}
        string[len++] = toupper(ch);

        if (len >= MAX_DATA) {
            bail_out(EXIT_FAILURE, "Input too long\n");
        }
    }
    if (ferror(in_stream)) {
        bail_out(EXIT_FAILURE, "Error while reading from stream");
    }
    }

    if(string) {
        string[len] = '\0';
    } else {
        printf("\nFinished dictionary...\n");
    }
    printf("Added string: %s | Input another or end with CTRL+D: ", string); 
    return string;
}

/* Saves the returned strings from get_strings() in a linked list */
static void read_dict()
{
    int index;
    for (index = 0; (string = get_strings()); ++index) {
        if (string[0] == '\0') continue; 
        strings = (char**) realloc(strings, (index+1)*sizeof(*strings));
        if (strings == NULL) {
            bail_out(EXIT_FAILURE, "realloc(3) failed");
        }
        strings[index] = string;
    }

    /* Take a note of how many entries we have yet. */
    dict_size = index;
}

Second CodeBlock with a more simple case:

while(1) {
    char tmp;
    printf("Please enter your guess [a-z]: ");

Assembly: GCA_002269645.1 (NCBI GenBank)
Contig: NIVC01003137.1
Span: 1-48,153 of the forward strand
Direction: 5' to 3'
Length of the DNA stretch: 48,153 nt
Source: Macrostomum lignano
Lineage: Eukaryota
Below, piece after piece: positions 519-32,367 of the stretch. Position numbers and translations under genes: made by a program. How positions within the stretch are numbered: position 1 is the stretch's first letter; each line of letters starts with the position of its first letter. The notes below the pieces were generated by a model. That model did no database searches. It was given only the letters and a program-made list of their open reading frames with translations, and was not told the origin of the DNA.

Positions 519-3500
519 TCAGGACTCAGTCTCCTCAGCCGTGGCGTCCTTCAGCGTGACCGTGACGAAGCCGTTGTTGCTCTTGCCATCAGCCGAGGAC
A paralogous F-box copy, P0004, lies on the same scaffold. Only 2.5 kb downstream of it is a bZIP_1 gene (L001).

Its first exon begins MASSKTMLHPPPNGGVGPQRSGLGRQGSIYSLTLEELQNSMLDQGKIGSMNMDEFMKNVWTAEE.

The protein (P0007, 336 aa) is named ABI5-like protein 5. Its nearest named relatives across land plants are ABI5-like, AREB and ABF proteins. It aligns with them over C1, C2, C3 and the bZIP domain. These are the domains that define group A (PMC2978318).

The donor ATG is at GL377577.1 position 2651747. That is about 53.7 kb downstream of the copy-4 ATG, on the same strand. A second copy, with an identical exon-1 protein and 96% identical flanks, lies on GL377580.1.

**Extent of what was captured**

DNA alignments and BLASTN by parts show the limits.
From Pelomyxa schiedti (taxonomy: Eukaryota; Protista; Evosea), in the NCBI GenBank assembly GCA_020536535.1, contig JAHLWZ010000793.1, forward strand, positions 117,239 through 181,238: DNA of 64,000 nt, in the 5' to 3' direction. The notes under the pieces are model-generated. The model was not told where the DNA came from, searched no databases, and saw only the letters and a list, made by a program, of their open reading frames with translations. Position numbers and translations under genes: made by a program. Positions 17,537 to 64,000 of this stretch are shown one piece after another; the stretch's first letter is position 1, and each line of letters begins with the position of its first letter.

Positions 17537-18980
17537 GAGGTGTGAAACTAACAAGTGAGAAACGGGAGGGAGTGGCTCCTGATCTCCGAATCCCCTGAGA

guess = fgetc(stdin);
    /* Jump back to start of loop */  
    if (guess == '\n') {
        continue;
    }

    /* HERE IS THE CLEAR FOR STDIN
       This part really just eats all remaining \ns from the user,
       so that later inputs can start uninterrupted. Can I get rid of
       it in some better way? */
    while((tmp = getchar()) != '\n' && tmp != EOF);

    if(!isalpha(guess)) {
        fprintf(stderr, "Enter a valid letter [a-z]!\n");
        continue;
    }
}
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  • \$\begingroup\$ Quick note: prefer to use boolens from <stdbool.h> or defines rather than 1 and 0. It's more clear what you mean \$\endgroup\$ – Zorgatone Jan 10 '16 at 13:25
  • \$\begingroup\$ @Zorgatone I half agree with you; always use stdbool.h, but don't try to roll your own bools. \$\endgroup\$ – SirPython Jan 11 '16 at 0:55
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Architecture